Ministers are allowed to receive lodging or accommodations from the church free of income tax liabilities. However, churches need to “cover all their bases” in order to satisfy the requirements of the Internal Revenue Service (IRS) and to maximize housing allowance benefits for ministers.

What is a housing allowance?
Ministers should have a portion of their salaries designated as housing allowance. For ministers living in church-owned housing, an annual housing allowance covering expenses for furniture, personal property insurance on the house contents, utilities and telephone, and taxes should be considered.

For ministers who own their own homes, the annual housing allowance should include the amount of the annual mortgage payments, home insurance, maintenance and repairs, utilities and telephone, taxes, and all other expenses associated with keeping a home consistent with the standard of living typical for those in the same salary range.

In order for both the church and its minister to be protected and to be within the legal requirements, housing allowance provisions must be recorded in the official minutes of the first church board meeting of each year.

The housing allowance is excluded from ministers' gross salaries. The designated allowance is subtracted from compensation before the church computes its salary data for IRS Form W-2.

The excluded amount is not entered on IRS Form 1040 or any other form or schedule except Schedule SE. Housing allowances must be included as compensation for Social Security tax purposes and included as compensation in Schedule SE.

Reporting the allowance to the minister
Ministers who are employees of the church usually receive a Form W-2 from the church that indicates their total annual compensation. Churches should designate housing allowance in Box 14 of Form W-2 with a notation, “Housing Allowance.” Although this notation is not required, it is suggested in IRS Publication 517, “Social Security and Other Information for Members of the Clergy and Religious Workers.”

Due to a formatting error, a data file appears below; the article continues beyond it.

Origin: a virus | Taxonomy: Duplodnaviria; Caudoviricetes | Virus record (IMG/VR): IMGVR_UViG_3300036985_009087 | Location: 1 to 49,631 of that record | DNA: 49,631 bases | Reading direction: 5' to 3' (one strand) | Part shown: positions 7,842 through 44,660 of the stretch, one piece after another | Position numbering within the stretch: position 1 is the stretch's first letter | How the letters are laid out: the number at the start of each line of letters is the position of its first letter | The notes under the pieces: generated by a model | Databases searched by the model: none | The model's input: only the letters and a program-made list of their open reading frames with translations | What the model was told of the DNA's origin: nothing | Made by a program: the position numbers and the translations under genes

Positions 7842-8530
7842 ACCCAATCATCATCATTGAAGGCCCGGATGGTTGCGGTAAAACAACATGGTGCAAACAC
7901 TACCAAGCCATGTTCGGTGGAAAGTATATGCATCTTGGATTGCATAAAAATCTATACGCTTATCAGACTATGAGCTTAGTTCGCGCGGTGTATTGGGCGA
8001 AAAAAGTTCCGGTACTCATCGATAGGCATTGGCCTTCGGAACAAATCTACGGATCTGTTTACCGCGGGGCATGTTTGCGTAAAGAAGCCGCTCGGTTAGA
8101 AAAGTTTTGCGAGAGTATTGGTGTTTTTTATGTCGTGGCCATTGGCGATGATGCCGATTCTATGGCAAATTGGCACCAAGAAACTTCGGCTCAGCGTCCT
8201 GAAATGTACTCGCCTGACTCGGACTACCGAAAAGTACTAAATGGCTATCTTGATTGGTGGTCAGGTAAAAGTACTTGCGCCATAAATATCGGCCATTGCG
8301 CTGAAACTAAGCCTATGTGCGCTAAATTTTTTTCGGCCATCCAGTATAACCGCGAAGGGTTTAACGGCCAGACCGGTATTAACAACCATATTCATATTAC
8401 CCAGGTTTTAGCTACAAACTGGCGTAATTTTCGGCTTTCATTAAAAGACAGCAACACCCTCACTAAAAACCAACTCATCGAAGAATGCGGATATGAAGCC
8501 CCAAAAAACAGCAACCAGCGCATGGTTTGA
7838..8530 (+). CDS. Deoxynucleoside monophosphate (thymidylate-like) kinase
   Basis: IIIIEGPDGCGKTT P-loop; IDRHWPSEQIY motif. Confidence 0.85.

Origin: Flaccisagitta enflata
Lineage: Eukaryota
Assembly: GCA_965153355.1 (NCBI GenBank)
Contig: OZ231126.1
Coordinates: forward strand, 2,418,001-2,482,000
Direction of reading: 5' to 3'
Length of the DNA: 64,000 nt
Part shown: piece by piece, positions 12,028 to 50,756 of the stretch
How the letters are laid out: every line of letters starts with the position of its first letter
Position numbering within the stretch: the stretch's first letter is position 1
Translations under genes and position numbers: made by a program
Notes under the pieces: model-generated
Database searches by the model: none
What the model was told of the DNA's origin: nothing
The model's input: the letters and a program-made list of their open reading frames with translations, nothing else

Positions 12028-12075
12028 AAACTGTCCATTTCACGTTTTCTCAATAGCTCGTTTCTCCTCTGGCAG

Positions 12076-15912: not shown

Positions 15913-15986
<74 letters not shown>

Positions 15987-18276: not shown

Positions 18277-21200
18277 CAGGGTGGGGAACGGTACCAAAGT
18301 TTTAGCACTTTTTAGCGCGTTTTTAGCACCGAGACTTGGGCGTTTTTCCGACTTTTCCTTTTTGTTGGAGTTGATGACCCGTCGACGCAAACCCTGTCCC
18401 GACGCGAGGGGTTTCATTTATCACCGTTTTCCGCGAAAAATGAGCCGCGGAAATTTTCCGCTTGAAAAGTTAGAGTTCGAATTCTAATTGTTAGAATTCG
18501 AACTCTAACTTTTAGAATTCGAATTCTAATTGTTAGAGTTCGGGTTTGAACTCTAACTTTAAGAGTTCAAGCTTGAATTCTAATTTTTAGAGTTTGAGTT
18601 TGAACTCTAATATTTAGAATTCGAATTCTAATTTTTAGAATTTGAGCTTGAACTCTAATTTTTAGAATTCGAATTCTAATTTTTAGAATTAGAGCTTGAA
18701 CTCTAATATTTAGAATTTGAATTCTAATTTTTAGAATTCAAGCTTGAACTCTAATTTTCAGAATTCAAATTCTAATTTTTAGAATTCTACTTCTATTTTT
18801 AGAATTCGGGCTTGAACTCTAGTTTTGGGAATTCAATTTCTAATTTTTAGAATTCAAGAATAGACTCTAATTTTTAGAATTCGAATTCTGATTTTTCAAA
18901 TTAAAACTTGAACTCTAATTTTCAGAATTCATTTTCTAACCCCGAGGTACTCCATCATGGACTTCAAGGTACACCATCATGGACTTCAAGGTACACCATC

Churches also can report the designated housing allowance by providing a statement to the ministers (on church letterhead) that indicates the amount or percentage of compensation they are allowing for housing allowance.

It is very easy to mistakenly indicate housing allowance in Box 5 of Form W-2. If this happens, the church must issue a corrected form to the minister involved. If a corrected form has not been provided, ministers should deduct their actual housing expenses (must have receipts to confirm the expense) on line 21 of Form 1040 (for 2001 taxes).

Amount reported as housing allowance
Some churches set the housing allowance for ministers by applying a percentage to the total gross salary. Although there is no set standard of what percent of salary should be designated as housing allowance, the IRS generally has little problem if churches establish the percent in a range of 40 percent to 60 percent. Anything over 60 percent usually raises suspicion with the IRS.

Even though many churches use the percentage of income method, financial advisors usually feel that basing housing designations on an estimate of annual housing expenses is preferred over the percentage method.

Conclusion
One of the most beneficial tax advantages that the IRS allows for ministers is the housing allowance. However, in order for ministers to fully utilize the benefits allowed by the IRS, they need to ensure that their churches designate and report the housing allowance as dictated by the IRS.